Interview: Kate Durbin Finds Virtual Moments of Adolescent Vulnerability in “Girls, Online” / Hyperallergic

Kate Durbin (image via Wikipedia)

Artist and writer Kate Durbin is both a scavenger and connoisseur of the internet. She prowls the immaterial space, searching for images that express the emotional lives of adolescent girls. It was on Facebook that I first noticed a link to Durbin’s project “Girls, Online,” a collection of anonymous Tumblr posts from teenage girls that she assembled for Chris Higgs’s website Bright Stupid Confetti. Durbin captures the blogs and reblogs of sensitive adolescent teens and tweens, women-born-women, trans bois, and gay boys. Her main focus, however, is on adolescent girls who are subject to the male gaze. The teenage girls she sees float about in that in-between space of clinging to girlhood and transforming into women.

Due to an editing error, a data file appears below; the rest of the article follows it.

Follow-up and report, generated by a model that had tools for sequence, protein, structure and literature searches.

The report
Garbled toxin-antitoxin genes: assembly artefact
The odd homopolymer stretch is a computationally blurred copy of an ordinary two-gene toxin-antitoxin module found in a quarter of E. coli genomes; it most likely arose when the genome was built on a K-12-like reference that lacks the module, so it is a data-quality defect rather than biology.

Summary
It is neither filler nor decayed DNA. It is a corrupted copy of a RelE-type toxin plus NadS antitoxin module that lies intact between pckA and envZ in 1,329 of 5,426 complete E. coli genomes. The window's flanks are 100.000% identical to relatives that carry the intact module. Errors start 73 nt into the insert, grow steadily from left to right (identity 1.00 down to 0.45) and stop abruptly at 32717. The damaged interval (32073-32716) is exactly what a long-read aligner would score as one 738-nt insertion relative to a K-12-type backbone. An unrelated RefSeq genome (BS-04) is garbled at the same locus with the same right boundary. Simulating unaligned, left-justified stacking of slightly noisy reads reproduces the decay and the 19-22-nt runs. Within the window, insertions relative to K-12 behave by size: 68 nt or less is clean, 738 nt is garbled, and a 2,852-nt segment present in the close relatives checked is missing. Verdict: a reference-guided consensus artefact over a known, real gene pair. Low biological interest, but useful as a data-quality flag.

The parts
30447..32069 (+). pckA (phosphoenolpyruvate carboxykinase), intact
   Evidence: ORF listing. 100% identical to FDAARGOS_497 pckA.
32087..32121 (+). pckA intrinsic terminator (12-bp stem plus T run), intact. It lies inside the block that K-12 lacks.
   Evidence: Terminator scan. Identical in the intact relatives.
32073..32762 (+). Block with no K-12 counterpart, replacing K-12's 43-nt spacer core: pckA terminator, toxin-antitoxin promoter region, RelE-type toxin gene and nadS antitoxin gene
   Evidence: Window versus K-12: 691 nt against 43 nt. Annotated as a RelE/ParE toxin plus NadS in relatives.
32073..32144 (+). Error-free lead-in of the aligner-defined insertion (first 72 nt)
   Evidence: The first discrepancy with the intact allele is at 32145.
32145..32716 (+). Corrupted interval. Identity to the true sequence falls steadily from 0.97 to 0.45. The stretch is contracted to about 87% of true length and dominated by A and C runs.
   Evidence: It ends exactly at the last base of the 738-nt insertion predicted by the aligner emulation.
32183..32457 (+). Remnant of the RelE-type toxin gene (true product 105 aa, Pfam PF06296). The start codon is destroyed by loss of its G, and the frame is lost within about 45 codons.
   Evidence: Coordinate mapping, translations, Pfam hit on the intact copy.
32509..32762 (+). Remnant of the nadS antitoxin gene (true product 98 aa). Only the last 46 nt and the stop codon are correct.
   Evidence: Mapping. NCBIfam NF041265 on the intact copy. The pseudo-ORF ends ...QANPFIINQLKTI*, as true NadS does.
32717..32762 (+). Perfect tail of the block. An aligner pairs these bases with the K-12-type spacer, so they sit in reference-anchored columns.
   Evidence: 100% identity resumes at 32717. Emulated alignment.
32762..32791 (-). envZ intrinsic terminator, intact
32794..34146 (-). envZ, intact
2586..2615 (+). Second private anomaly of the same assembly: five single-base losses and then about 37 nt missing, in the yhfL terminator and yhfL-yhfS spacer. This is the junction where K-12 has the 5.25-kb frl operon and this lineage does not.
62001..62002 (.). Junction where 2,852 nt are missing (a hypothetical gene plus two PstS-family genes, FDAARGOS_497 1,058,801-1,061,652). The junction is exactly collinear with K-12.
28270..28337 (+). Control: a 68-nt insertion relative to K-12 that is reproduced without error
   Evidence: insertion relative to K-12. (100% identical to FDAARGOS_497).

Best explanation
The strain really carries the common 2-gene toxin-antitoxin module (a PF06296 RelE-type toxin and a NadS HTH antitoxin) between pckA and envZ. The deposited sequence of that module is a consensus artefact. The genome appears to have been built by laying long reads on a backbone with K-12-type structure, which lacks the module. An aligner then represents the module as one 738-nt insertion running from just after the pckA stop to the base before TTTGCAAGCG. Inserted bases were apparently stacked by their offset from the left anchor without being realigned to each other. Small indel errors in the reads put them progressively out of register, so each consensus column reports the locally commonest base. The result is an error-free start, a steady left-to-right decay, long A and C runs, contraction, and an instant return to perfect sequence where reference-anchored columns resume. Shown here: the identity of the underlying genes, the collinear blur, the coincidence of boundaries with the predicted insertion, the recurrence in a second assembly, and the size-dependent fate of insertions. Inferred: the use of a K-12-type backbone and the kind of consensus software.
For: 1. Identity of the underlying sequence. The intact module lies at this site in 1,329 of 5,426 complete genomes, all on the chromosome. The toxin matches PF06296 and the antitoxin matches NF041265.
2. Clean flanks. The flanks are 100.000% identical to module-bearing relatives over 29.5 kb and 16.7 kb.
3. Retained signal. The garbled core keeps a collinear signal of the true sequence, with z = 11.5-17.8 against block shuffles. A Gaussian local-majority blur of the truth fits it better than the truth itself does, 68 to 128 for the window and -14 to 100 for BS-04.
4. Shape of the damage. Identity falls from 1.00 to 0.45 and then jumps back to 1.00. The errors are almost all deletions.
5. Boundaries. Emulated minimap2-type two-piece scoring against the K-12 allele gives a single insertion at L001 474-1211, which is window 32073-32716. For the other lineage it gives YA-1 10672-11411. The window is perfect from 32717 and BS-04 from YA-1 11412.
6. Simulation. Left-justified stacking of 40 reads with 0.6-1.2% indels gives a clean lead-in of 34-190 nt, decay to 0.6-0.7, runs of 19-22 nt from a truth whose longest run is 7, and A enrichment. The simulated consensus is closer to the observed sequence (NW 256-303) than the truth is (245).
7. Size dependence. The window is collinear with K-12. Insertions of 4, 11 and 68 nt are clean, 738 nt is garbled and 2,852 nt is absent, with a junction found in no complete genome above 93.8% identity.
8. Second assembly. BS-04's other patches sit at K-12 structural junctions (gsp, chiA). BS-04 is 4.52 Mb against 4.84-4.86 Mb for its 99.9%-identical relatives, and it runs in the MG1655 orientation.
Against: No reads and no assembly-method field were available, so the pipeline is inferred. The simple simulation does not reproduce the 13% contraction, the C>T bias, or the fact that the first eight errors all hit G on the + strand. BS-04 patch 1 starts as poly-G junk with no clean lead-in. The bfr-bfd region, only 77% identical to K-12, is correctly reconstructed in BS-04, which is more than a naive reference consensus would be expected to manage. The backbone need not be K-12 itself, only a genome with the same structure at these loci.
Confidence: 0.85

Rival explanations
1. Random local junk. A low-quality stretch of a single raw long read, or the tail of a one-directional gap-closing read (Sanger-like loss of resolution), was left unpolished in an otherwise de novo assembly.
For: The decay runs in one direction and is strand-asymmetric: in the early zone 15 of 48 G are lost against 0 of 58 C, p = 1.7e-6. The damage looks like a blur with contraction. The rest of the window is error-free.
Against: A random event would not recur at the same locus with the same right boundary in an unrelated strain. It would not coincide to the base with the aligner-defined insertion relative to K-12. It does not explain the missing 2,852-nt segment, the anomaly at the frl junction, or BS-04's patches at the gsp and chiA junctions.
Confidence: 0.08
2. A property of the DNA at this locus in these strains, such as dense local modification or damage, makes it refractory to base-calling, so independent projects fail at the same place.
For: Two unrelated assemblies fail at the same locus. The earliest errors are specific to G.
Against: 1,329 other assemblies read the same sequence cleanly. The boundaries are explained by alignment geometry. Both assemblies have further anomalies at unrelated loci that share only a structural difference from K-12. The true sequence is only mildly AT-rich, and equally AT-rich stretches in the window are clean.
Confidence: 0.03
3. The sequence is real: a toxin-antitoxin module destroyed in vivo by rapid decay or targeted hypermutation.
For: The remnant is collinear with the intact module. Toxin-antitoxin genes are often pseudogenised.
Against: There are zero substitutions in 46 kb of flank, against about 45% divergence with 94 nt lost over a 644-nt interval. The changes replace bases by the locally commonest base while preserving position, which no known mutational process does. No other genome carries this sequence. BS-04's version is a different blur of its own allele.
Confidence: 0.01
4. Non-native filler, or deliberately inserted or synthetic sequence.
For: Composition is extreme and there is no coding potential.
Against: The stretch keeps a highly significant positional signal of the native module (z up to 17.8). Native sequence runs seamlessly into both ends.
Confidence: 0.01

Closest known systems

Durbin’s interest in the microcosm of teenage girl internet culture stemmed out of her other Tumblr project “Women as Objects,” a tongue-in-cheek collection of images that plays on the idea of women’s bodies as objects to possess, view, and consume. Is Durbin’s work feminist, post-feminist, or something else all together? Kate and I conversed about this and quite a bit more in an email kind of way — quietly, textually, and online where no one could see us think or write. It’s like we were two girls, online. This part one of a two-part interview series with Kate Durbin.

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Read the interview on Hyperallergic: